NO-SEE- MIDGES, BUT FEEL THEM
It happened unexpectedly.
Tabatha Yang and her six-month-old son, Karoo, were sitting on their lawn last Sunday at their West Davis home, when she saw red. Literally.
One minute they were enjoying the springlike weather, and the next minute his head was covered with bright red dots. Looking closer, she spotted a tiny insect in his eye, which she quickly removed.
Then her legs began to welt and itch.
They had just encountered no-see-ums, tiny Valley Black Gnats that feed on blood.
“The adults are emerging in large numbers now and need blood so residents need to beware of grassy areas that cover alkaline clay soils,” said Lynn Kimsey, director of the Bohart Museum of Entomology and professor entomology at UC Davis. “These insects are ferocious biters. Even though they don’t spread any diseases, they are sufficiently annoying to keep people indoors in some areas of California.”
The Bohart Museum is now fielding scores of calls and emails.
“These no-see-mosquitoes are smaller than fleas and have a supreme itch,” said Yang, Bohart Museum education and outreach coordinator, who knew immediately what they were.
The midges are particularly troublesome along the west side of the Sacramento Valley, including Davis and Woodland. “They’re often in grassy areas, such as in parks and on golf courses on the west side of California’s Central Valley,” Kimsey said. “When the soil begins to dry and cracks develop, the adults emerge.” The complete life cycle from egg to adult takes about two years.
The no-see-ums belong to the family Ceratopogonidae and are about 1/16-inch long. They are so tiny they could pass through window screens, but they don’t, Kimsey said. However, they can and do slip beneath loose clothing, unnoticed, to get a blood meal. Like mosquitoes, only the female no-see-ums bite. The insects breed when the weather warms in the spring, usually in May and June, and they remain a pest for several weeks, Kimsey said. They need a blood meal to complete their reproductive cycle.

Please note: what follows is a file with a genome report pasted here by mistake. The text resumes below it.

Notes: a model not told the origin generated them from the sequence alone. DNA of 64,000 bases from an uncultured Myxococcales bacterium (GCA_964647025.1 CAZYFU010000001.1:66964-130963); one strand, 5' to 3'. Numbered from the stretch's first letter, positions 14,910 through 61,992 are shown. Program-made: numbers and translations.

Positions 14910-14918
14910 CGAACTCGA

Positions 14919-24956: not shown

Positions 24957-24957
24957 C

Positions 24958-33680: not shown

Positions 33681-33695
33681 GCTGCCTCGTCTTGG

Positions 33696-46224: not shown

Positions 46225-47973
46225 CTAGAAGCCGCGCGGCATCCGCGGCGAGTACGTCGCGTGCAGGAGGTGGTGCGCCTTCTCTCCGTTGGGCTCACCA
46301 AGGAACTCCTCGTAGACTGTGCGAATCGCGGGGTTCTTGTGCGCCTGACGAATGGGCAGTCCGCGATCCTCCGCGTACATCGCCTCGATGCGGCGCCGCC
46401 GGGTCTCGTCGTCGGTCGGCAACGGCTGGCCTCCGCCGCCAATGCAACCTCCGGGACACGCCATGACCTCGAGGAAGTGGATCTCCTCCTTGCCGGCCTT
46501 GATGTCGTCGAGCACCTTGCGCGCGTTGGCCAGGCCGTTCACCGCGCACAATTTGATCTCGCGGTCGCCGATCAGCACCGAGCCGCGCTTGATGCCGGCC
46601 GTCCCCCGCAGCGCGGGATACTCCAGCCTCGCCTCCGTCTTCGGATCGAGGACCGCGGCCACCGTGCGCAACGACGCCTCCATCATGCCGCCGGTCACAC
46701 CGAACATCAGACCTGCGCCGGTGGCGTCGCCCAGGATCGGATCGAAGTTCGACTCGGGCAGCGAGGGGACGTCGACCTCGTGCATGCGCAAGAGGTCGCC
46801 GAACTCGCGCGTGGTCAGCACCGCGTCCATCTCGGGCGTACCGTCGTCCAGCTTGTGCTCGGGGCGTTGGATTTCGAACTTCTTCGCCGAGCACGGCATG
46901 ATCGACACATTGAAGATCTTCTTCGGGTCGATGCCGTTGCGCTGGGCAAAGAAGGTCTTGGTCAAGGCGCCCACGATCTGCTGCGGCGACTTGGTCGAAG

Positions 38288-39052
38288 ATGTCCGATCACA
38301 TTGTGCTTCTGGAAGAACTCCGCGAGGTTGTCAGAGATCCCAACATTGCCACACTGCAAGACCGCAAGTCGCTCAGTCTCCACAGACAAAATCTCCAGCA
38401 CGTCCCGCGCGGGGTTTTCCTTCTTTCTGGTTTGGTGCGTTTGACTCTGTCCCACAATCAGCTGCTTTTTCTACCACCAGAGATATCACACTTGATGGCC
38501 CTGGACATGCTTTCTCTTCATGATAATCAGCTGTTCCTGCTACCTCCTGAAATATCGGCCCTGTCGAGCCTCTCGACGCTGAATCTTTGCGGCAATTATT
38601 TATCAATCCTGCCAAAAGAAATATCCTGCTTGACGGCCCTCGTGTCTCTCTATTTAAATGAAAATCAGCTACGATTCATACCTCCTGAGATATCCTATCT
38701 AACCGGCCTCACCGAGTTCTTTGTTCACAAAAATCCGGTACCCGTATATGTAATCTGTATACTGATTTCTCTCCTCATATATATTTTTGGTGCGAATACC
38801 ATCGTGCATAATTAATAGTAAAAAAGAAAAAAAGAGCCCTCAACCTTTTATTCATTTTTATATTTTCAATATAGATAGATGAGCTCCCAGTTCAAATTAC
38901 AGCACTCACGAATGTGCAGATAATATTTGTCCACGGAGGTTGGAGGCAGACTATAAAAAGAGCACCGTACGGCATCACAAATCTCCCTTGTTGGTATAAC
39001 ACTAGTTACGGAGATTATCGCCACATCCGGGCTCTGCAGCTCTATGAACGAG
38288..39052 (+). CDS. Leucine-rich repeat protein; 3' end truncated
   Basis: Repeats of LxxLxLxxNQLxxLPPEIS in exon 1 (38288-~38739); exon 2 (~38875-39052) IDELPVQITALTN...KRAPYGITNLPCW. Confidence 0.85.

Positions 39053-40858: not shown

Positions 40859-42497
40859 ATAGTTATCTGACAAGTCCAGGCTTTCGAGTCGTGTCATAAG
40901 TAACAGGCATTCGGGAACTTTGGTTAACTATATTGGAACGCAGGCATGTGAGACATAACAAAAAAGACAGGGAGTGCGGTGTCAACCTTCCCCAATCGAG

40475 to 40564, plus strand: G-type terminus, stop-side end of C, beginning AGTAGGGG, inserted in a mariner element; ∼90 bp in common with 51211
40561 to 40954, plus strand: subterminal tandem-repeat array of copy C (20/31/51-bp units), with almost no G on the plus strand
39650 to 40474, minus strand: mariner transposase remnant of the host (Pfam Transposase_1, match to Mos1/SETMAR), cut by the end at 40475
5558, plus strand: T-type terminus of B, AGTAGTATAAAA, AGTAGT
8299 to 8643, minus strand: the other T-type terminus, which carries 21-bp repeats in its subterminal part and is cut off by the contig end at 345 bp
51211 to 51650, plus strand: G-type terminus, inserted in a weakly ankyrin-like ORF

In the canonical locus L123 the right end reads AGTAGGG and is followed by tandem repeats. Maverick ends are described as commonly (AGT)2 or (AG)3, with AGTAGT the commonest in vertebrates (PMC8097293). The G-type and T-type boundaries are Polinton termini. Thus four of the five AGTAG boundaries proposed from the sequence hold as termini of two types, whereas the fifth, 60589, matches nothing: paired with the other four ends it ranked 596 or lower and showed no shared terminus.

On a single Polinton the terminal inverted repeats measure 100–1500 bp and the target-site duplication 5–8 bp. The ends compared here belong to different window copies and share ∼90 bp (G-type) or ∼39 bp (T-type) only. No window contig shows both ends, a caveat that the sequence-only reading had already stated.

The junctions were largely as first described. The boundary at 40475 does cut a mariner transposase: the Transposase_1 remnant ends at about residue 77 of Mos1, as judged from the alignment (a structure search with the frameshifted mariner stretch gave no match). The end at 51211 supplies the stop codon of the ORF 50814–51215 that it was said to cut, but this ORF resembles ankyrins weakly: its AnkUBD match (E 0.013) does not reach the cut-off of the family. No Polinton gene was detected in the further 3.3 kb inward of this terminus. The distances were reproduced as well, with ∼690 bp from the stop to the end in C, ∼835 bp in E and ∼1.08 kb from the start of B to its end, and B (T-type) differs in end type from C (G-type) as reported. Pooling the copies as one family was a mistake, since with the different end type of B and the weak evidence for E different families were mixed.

They also bite domestic and wild animals and birds. The females inject saliva into the skin, which pools the blood just beneath the surface, resulting in a small red dot that becomes excruciatingly itchy. A single bite can welt into a one-or two-inch diameter spot, which lasts about two weeks. Kimsey cautions people not to scratch the welts, as scratching makes the itchy bites last twice as long and can lead to infected sores.
To avoid being bitten, Kimsey recommends that you limit exposure by not sitting long in places where they are likely to occur, or where you’ve heard of problem areas. “Move quickly through the area.”
“Repellents,” she added, “aren’t effective against these flies.”
How to prevent those no-see-flies?
Use mosquito trap to prevent small flies’ biting. How do QM mosquito traps attract and kill mosquitoes? Mosquitoes are first attracted to a trap by smell. They can smell CO2 around 100 feet from a trap and start to fly towards the source. Next Octenol and Lactic Acid start to be perceived around 50 feet. As the insect continues toward the source, the color, lights and apparent movement in some mosquito traps add more attractants. Mosquitoes can only see about 30 feet.
Finally, as they get within around 3 feet, the mosquitoes are further attracted by the heat and moisture from the CO2 release (if present). They are sucked into the trap by a fan into a container. These are mosquito killer machines from which they cannot escape.
Why is QM mosquito trap better than the other? The shape, size, color and height of the mosquito machine can make a huge difference. So does the amount of CO2, octenol and/or lactic acid released. Some frequencies of lights work better than others. The way the fans are designed to draw them in makes a big difference. Finally, placement of the devices is very important. A good trap in the wrong location will not be effective. MBOX mosquito trap uses a new and highly effective method to catch mosquitoes.
First we have to understand that only female mosquitoes need blood (protein) in order to lay eggs. Female mosquitoes track their victim through CO2 up to a range of 50meters, combined with the sense of smell of H2O, female mosquitoes are very effective in tracking their victim.